Indian Dermatology Online Journal

: 2018  |  Volume : 9  |  Issue : 4  |  Page : 288--289

Dermoscopy of eccrine hidrocystomas

Ananta Khurana1, Purnima Malhotra2, RK Gautam1,  
1 Department of Dermatology and STDs, Dr RML Hospital and PGIMER, New Delhi, India
2 Department of Pathology, Dr RML Hospital and PGIMER, New Delhi, India

Correspondence Address:
Ananta Khurana
Department of Dermatology and STDs, Dr RML Hospital and PGIMER, New Delhi - 110 070

How to cite this article:
Khurana A, Malhotra P, Gautam R K. Dermoscopy of eccrine hidrocystomas.Indian Dermatol Online J 2018;9:288-289

How to cite this URL:
Khurana A, Malhotra P, Gautam R K. Dermoscopy of eccrine hidrocystomas. Indian Dermatol Online J [serial online] 2018 [cited 2021 Apr 11 ];9:288-289
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Full Text

A 35-year-old housewife presented with multiple small translucent cysts, 2–5 mm in size, over the bilateral infraorbital regions [Figure 1]. A fewcysts had a distinct blue color. Clear fluid oozed out on puncturing these with a sterile needle. Dermoscopy (Dinolite AM 4113 ZT-R4) was done with the patient in a sitting position using both polarized and nonpolarized modes. The lesions appeared as clear cysts with a central crateriform indentation on nonpolarized mode [Figure 2]a. Switching to the polarized mode made the cysts inconspicuous with only a faint pallor being perceptible [Figure 2]b. Nonpolarized dermoscopy of the blue vesicles showed a hypopyon-like appearance, with accumulation of dark fluid in the lower half [Figure 2]c. The central indentation was well appreciable in these as well. In the polarized mode, the same area was seen as a bluish black flush with no other distinctive characteristics [Figure 2]d. There were thick tortuous vessels all over the region, compatible with the patient's history of having applied potent topical steroids for 2–3 months. However, no specific vascular pattern was associated with the lesions.{Figure 1}{Figure 2}

Histopathology revealed a unilocular cyst lined by two layered flattened cuboidal epithelium suggestive of eccrine hidrocystomas (EC) [Figure 3]a. There was no evidence of decapitation secretion, thus ruling out apocrine hidrocystoma [Figure 3]b. The patient was started on 1% atropine ointment application twice a day. Marked lesion resolution was observed after 10 days of treatment.{Figure 3}

EC were first described by Robinson in women working in hot and humid environment.[1] They probably arise from the intradermal portion of the eccrine sweat duct, which gets blocked due to hyperhidrosis. Dermoscopic appearance of ECs has been described in three Turkish patients [2] and one Portugese patient [3] previously and may be helpful in differentiating ECs from other common lesions located in the same region such as syringomas and sebaceous hyperplasia. Duman et al. described ECs as homogeneous bluish-purplish central areas surrounded by pale halos.[2] Similarly, Correia et al. described them as well-demarcated bluish cystic spaces.[3] We did not observe surrounding pallor in any lesion. Further, the lesions were predominantly clear appearing rather than bluish in our patient. The prominent central indentation, giving the lesions a molluscoid appearance and a hypopyon-like appearance was not observed in the previous two reports. Among the differentials, multiple trichoepitheliomas show arborizing telangiectasias and an ivory-white background.[4] Eruptive vellus hair cysts demonstrate central yellowish rounded lesions surrounded by gray circles.[4] Syringomas show nonspecific features with pigment network with a reddish tinge and occasionally rosette structures.[4] Arborizing vessels is a prominent feature of basal cell carcinomas on the head and neck, while apocrine hidrocystomas have been described as showing bluish homogenous structures with whitish areas and arborizing vessels on top.[5]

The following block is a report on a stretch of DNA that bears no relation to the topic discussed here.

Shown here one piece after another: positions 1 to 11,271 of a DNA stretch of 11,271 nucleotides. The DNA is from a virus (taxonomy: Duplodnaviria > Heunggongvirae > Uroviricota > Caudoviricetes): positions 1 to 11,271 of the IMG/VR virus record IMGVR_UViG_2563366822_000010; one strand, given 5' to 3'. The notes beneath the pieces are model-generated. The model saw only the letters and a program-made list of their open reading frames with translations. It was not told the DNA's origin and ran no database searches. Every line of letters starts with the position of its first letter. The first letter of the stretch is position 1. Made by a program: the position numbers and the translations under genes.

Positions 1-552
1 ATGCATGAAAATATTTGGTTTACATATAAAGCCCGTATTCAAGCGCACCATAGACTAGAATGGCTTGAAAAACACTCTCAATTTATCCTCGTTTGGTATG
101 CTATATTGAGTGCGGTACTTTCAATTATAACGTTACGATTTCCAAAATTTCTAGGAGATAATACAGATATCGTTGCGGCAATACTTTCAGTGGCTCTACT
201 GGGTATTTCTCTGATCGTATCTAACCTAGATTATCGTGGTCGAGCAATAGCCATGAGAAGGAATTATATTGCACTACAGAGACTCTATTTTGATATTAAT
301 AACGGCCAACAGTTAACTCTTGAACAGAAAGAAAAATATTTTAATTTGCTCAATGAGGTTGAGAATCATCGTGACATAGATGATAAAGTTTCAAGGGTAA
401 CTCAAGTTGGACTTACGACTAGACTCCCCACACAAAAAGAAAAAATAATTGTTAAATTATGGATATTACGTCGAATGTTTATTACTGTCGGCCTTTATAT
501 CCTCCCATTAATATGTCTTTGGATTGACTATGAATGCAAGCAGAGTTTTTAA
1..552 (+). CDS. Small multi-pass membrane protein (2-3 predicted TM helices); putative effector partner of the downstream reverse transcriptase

To summarize, we describe the dermoscopic appearance of ECs as molluscoid appearing clear cysts, with a hypopyon-like appearance in darker lesions. The described features are better appreciated on a nonpolarized mode than polarized mode. The findings, however, need to be validated in larger patient groups.

Declaration of patient consent

The authors certify that they have obtained all appropriate patient consent forms. In the form the patient(s) has/have given his/her/their consent for his/her/their images and other clinical information to be reported in the journal. The patients understand that their names and initials will not be published and due efforts will be made to conceal their identity, but anonymity cannot be guaranteed.

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